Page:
The rest of the novel follows Reuben attempting to adjust to his lycanthropy, or what he calls “the wolf gift.” He has no one to mentor him about his awakening abilities or hungers, but he does occasionally find clues in his new home from documents left behind by Uncle Felix. Rice’s depiction of Reuben as a werewolf is unusual since he doesn’t follow the contemporary paradigm for this creature. While Reuben does transform into a hirsute beast who goes on killing sprees, he is not an out-of-control savage such as the one most famously portrayed by Lon Chaney, Jr. in the 1941 film The Wolf Man. Instead, Rice’s werewolf draws upon much earlier representations of the creature as more sinned against than sinning. Reuben is similar to the werewolf described in the 12th century by Marie de France in her “Bisclavret” in that he too only attacks evil-doers, a characteristic that makes him similar to Rice’s vampire Lestat in certain phases of his existence. Soon after Reuben realizes that he is a werewolf, he actively seeks to destroy those who harm others — the kidnappers of a school bus full of children, a woman who is horribly abusing her elderly parents, a man who just murdered his wife and is about to dispatch his children. Still, other facets of his characterization as a werewolf adhere to conventions of lycanthropy that readers will be familiar with — Reuben transforms into a humanoid with a bestial appearance, rather than an actual wolf; as a werewolf, he has outsized appetites for sex and violence; and he is also much stronger than either a human or a wolf could be. However, unlike the version of the werewolf made famous by Universal Studios, Reuben can control these urges and channel them for good. Reuben in his wolf form is also capable of great gentleness. When he saves a little girl from being murdered by her father, she pronounces that he is a “gentle wolf” and shows no fear of him in his beastly form. Later, he ravishes a middle-aged woman who lives alone in the woods (apparently Reuben appreciates mature women), and she welcomes his furry embrace.
Sadly, this novel has none of the atmosphere, history, or detailed character development that characterize Rice’s earlier novels such as Interview with the Vampire and The Vampire Lestat. Instead, the plot and characterization are lazy and disjointed. For example, when werewolf Reuben saves a woman from being raped, the description of her attack is a clichéd tableau of media reprentations of sexual assault. The woman is being brutalized in the proverbial back alley by a stranger, and as Reuben flees the scene after saving her, she is actually clutching her ripped bodice! And the level of violence that Reuben uses to dispatch those who are harming others is also laughable, as when he saves the elderly woman from being abused by her daughter, who for some reason is attempting to force feed her mother fecal matter. Reuben throws the daughter so far out of the window that she lands seventy-five feet from her house. If this were a film, the scene would no doubt be represented with some bad CGI. Also, in a world full of security video and cell phone cameras, Reuben’s fuzzy likeness is never captured by anyone except for Reuben himself, who photographs his own transformation with his iPhone (apparently werewolves can use their paws like human hands). Reuben and his fraught gift have the potential to make interesting reading, but in Rice’s hands, he is just a silly character who goes around saving people from cartoonish representations of evil.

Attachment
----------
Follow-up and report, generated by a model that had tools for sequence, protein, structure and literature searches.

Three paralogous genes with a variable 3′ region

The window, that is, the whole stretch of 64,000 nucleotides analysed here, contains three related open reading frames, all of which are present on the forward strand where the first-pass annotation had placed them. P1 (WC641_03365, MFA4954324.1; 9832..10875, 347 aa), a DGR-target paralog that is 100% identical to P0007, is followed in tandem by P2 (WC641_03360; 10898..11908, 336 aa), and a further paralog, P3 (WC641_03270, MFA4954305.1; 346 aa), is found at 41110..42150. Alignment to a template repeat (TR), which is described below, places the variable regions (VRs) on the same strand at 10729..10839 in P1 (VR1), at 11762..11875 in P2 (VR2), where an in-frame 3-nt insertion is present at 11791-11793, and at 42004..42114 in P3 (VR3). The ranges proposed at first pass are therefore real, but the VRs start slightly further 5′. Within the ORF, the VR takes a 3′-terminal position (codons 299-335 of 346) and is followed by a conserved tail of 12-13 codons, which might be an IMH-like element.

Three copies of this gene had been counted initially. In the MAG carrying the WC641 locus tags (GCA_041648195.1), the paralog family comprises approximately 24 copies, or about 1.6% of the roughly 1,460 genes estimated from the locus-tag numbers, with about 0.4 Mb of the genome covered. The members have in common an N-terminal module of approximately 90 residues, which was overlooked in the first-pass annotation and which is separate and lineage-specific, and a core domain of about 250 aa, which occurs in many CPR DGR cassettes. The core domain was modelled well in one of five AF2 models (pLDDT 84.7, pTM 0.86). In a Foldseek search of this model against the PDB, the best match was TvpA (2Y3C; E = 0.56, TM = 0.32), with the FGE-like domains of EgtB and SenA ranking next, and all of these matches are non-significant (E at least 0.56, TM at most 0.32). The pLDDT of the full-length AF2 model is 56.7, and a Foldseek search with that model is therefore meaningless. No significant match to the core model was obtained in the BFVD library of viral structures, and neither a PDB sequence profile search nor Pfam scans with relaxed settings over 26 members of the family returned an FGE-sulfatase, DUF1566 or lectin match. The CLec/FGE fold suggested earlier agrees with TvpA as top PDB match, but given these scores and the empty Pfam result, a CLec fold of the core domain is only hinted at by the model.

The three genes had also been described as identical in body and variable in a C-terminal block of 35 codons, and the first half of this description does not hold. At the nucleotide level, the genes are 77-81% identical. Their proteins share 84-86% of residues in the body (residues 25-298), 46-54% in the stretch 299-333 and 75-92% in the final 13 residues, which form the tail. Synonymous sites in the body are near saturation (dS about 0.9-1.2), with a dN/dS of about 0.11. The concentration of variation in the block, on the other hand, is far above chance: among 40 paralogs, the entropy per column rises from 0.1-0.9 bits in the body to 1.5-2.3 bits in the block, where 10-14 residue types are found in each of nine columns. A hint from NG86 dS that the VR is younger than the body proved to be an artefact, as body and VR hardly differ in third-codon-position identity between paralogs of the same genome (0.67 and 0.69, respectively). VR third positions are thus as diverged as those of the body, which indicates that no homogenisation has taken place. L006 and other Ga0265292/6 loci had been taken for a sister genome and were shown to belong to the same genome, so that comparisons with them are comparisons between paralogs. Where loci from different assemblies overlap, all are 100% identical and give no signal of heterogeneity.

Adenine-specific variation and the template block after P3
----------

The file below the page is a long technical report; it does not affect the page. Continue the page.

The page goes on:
At the tender age of eight, June Pulliam was permitted to stay up by herself and watch George Romero’s Night of the Living Dead. She was so traumatized by the experience that she now teaches courses on horror fiction at Louisiana State University. Additionally, Pulliam is the editor of Dead Reckonings: A Review Magazine for the Horror Field, and has authored (with Anthony Fonseca) three volumes of Hooked on Horror as well as articles on George Romero’s Land of the Dead, The Twilight Saga, Roald Dahl, and gender and lycanthropy. She is currently putting together The Encyclopedia of the Zombie.